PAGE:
The velocity is zero at both moments. If we define height to be zero at the spring equilibrium, then both potential energies are zero at the start.

    $$0 = U_g + U_s$$ $$0 = mgx + \tfrac{1}{2}kx^2$$ $$0 = mg + \tfrac{1}{2}kx$$ $$-\tfrac{1}{2}kx = mg$$ $$k=\frac{-2mg}{x}$$

    We can read mass and gravity directly from the simulation. We can measure the displacement with the ruler. This is easier if you check the displacement box in the top right. Also slow motion and pause help.

    $$m=0.100 \,\mathrm{kg} \quad g=9.8\,\mathrm{\tfrac{m}{s^2}} \quad x=-0.34\,\mathrm{m} $$ $$k=\frac{-2(0.100)(9.8)}{-0.34}$$ $$k=5.8 \, \mathrm{\tfrac{kg}{s^2}}$$

    Investigation: Calculate the mass of the red and blue weights.

    We can just reuse our method for getting the spring constant, but for mass.

    $$k=\frac{mg}{x}$$ $$m=\frac{kx}{g}$$

    Place each mass on the hook with dampening on high, and measure how much it displaces the spring.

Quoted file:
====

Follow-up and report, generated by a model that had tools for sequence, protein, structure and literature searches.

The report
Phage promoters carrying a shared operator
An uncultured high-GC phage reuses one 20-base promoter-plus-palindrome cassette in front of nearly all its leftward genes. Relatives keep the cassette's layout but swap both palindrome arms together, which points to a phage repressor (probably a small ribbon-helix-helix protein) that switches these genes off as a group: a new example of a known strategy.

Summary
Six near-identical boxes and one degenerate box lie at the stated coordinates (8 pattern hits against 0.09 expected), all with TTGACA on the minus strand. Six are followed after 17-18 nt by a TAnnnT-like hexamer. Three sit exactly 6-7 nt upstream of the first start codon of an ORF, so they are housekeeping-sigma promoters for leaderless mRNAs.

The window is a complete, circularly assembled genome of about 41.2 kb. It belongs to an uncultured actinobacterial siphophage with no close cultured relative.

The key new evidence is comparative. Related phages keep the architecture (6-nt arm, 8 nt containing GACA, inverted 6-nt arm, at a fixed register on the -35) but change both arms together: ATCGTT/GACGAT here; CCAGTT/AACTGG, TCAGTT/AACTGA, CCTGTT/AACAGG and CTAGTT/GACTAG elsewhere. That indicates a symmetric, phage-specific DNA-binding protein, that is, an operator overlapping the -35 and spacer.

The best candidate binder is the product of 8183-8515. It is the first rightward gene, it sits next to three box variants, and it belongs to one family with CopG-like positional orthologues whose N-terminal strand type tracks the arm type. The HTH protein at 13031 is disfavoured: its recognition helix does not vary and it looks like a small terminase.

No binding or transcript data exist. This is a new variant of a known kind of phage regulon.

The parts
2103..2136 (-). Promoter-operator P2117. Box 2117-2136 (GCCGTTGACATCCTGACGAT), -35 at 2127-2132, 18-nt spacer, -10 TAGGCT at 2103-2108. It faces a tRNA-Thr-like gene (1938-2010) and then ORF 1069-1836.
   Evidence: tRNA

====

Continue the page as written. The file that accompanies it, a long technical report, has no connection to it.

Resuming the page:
$$\text{blue mass}$$ $$m=\frac{(5.8)(0.38)}{(9.8)}$$ $$m=0.224\, \mathrm{kg}$$
    $$\text{red mass}$$ $$m=\frac{(5.8)(0.61)}{(9.8)}$$ $$m=0.361\, \mathrm{kg}$$

    Perfectly Elastic Collisions

    When objects collide the total momentum is conserved. Normally some of the kinetic energy of the objects will be converted into thermal or rotational energy, but in some situations the energy stays kinetic. A collision that doesn't lose any kinetic energy is called perfectly elastic. This means that for perfectly bouncy collisions we can use two conservation equations.

    $$m_1u_1 + m_2u = m_1v_1 + m_2v_2$$ $$\frac{1}{2}m_1u_1^2 + \frac{1}{2}m_2u_2^2 = \frac{1}{2}m_1v_1^2 + \frac{1}{2}m_2v_2^2$$